My best friend and I talk about patience often. She's a much more patient creature than I am. Over the years I have learned from my instantaneous mistakes that there is great value in waiting a minute, breathing, allowing "time to tell." This does not come naturally to me. What comes naturally is launching head-first into the next adventure. The benefit of launching is sometimes flying. The downside, of course, is sometimes crashing. The benefit of crashing is the lessons. The downside is the wounds. The benefit of flying is the breeze. The downside is that you miss some things on the ground, some people who matter down there, some buildings that had some services you could have used.
I've lost thousands of dollars because of my impatience, either because of car wrecks because I was driving too fast, parking tickets because I was leaving my car too fast, not noticing "do not park here" signs or fire hydrants or someone's driveway that I was blocking, or because of failed business-pursuits--the time I built a darkroom in three days out of my closet, and yeah! I did it. I was proud of myself. At 15 I had all the professional equipment I needed in there and was stringing prints up left and right. Only I was stumbling out with migraines and red spots in my eyes from chemical highs because I was too impatient to properly ventilate it. You gotta give people like me props, but you also gotta shake your head at people like me. I know I can do anything. But that doesn't mean I can't wait a little and do it properly.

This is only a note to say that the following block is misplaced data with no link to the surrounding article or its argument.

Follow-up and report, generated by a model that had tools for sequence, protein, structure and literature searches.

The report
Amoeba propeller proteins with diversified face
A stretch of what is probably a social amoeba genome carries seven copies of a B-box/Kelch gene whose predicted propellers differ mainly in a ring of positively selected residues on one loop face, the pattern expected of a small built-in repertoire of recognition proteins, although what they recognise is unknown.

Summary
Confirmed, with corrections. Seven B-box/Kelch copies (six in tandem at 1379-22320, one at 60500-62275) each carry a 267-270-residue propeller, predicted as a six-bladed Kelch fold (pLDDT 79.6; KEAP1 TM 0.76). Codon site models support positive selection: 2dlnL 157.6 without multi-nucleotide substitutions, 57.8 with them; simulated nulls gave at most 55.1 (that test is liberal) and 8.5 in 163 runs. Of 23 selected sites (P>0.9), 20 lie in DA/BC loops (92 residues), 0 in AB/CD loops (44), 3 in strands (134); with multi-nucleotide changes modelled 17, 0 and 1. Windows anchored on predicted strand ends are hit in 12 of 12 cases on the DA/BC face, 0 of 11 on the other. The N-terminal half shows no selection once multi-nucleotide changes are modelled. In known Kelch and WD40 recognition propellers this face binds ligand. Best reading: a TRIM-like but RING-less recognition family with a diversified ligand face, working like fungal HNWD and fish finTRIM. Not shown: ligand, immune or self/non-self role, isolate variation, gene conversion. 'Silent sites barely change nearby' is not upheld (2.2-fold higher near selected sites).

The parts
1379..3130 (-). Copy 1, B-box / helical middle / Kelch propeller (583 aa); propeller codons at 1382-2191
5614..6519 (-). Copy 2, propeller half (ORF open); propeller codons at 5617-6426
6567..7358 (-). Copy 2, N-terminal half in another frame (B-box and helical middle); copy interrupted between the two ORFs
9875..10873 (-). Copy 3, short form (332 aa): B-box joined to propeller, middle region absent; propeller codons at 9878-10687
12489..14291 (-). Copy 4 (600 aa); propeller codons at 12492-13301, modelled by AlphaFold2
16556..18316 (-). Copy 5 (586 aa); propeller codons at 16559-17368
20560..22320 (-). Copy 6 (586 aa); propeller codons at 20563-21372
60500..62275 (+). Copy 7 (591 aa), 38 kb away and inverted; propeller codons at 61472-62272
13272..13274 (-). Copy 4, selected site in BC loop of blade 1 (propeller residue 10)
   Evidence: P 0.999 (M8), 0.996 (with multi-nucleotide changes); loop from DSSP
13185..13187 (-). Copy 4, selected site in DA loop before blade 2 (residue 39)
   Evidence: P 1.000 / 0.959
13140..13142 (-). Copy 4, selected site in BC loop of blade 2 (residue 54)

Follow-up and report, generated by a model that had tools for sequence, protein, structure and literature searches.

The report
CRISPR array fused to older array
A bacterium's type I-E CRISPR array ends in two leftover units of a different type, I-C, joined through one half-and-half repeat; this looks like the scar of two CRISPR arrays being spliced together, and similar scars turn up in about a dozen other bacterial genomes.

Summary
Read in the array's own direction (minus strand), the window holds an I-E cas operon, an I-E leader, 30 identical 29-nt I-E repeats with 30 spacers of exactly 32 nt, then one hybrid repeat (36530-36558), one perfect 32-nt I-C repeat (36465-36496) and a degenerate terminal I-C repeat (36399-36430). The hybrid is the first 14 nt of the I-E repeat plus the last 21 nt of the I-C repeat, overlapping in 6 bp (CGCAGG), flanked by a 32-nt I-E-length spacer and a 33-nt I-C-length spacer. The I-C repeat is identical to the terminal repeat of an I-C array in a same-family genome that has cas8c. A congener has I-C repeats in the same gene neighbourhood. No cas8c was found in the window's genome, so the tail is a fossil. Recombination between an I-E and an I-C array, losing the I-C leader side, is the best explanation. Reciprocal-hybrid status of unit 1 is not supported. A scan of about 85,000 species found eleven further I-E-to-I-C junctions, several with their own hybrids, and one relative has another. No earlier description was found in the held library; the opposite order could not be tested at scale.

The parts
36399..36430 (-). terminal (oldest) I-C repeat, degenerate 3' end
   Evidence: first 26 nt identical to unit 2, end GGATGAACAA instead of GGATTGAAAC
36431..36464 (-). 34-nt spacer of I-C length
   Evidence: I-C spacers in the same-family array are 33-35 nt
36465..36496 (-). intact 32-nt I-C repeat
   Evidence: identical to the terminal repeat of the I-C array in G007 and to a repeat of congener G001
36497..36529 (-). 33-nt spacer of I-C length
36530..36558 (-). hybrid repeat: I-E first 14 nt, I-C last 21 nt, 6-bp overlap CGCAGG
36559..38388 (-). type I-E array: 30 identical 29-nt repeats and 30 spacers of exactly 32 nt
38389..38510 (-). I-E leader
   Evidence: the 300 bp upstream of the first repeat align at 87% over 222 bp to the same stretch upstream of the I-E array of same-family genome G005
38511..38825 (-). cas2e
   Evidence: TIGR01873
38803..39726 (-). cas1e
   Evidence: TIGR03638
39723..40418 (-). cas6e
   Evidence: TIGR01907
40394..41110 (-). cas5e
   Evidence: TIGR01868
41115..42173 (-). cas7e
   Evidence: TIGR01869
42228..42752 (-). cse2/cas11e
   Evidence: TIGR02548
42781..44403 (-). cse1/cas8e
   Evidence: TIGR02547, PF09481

I think the thing driving my disdain for patience is a deep-rooted fear that the thing I want or the motivation to get it will no longer be there in the future. Basically, I fear abandonment. And, true, there are some moments in your life when you ABSOLUTELY have to do something. Those moments do not feel optional. But the other stuff, the stuff that's not life or death, love or loneliness, can probably wait until you can do it justice.